Methods reported have included incitement of police violence and other human rights violations. Targeted groups have included local marginalized communities, such as women human rights defenders; lesbian, gay, bisexual, transsexual and intersex rights defenders; land and environmental rights activists; and bloggers and journalists.

Attempts by HRDs to hold Kenyan public officials accountable for human rights violations have resulted in harassment, silencing and stigmatization by government and law enforcement officials, often through excessively long trials, trumped-up charges, and indefinite detentions.

Retaliation against international justice advocates has also turned deadly.

In June 2016, Willie Kimani, Kenyan representative of International Justice Mission, Right Promotion Protection, and the Law Society of Kenya, was tortured and murdered by police forces. His death triggered nationwide protests against extrajudicial killings and police violence – both of which can constitute Rome Statute crimes.

 

HRDs and journalists: Paving a shared path to peace and justice

HRDs and key actors who dedicate their lives to exposing human rights abuses have paved the way for a free and independent media. However, they are consistently targeted for demanding that the government uphold constitutional and international human rights obligations to protect freedom of expression and media freedoms.

Human Rights Watch and Article 19 Eastern Africa, an independent non-profit organization that promotes the basic human rights of freedom of expression and access to information, partnered to report on abuses on the ground against journalists and other actors targeted during the run-up to the 2017 general election.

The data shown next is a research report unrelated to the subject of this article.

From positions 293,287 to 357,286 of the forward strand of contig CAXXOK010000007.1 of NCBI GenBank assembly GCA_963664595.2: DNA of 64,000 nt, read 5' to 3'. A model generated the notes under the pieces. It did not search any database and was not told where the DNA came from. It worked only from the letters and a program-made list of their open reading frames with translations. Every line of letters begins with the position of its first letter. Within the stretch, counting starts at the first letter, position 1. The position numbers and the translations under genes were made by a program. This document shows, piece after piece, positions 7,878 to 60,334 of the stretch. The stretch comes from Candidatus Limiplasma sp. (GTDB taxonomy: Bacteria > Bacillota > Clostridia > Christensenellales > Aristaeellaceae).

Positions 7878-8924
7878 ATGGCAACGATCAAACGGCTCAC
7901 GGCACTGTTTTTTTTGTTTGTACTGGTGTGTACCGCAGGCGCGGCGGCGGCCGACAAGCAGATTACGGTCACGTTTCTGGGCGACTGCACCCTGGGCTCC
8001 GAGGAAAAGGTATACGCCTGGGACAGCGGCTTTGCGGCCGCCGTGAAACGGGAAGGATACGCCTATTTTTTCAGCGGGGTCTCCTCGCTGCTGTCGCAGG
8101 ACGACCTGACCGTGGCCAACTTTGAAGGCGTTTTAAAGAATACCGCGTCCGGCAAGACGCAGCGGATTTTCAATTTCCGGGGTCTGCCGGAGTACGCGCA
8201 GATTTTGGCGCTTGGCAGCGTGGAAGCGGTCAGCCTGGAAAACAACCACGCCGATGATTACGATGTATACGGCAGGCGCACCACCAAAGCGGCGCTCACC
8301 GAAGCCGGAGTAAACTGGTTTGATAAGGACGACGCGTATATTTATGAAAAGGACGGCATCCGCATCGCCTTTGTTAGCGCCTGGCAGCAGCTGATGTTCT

The report found that HRDs became targets starting in 2013 when Kenyatta took office, documenting 17 incidents where 23 journalists and bloggers were physically assaulted between 2013 and 2017 by individuals believed to be aligned with government officials; and 16 incidents of direct death threats against journalists and bloggers across the country between 2013 and 2017.

The Kenyan Human Rights Commission (KHRC) in conjunction with Kura Yangu, Sauti Yangu (KYSY), a citizen movement organized by a number of civil society organizations, issued their report titled “The Road to Credible 2017 Elections,” in June. According to the report, “credible elections are the best guarantor of peace,” and a loss of credibility can only be restored by functioning in an open and transparent manner.

The KHRC report calls on the government to not only hold those responsible for violence accountable, regardless of title or rank, in order to end cycles of impunity, but also to allow for the creation of safe spaces for dialogue and debate moving forward.

Targeted attacks on HRDs and other members of civil society working towards a fair electoral system and credible elections directly affect Kenya’s ability to promise its citizens peace that can last beyond presidential terms.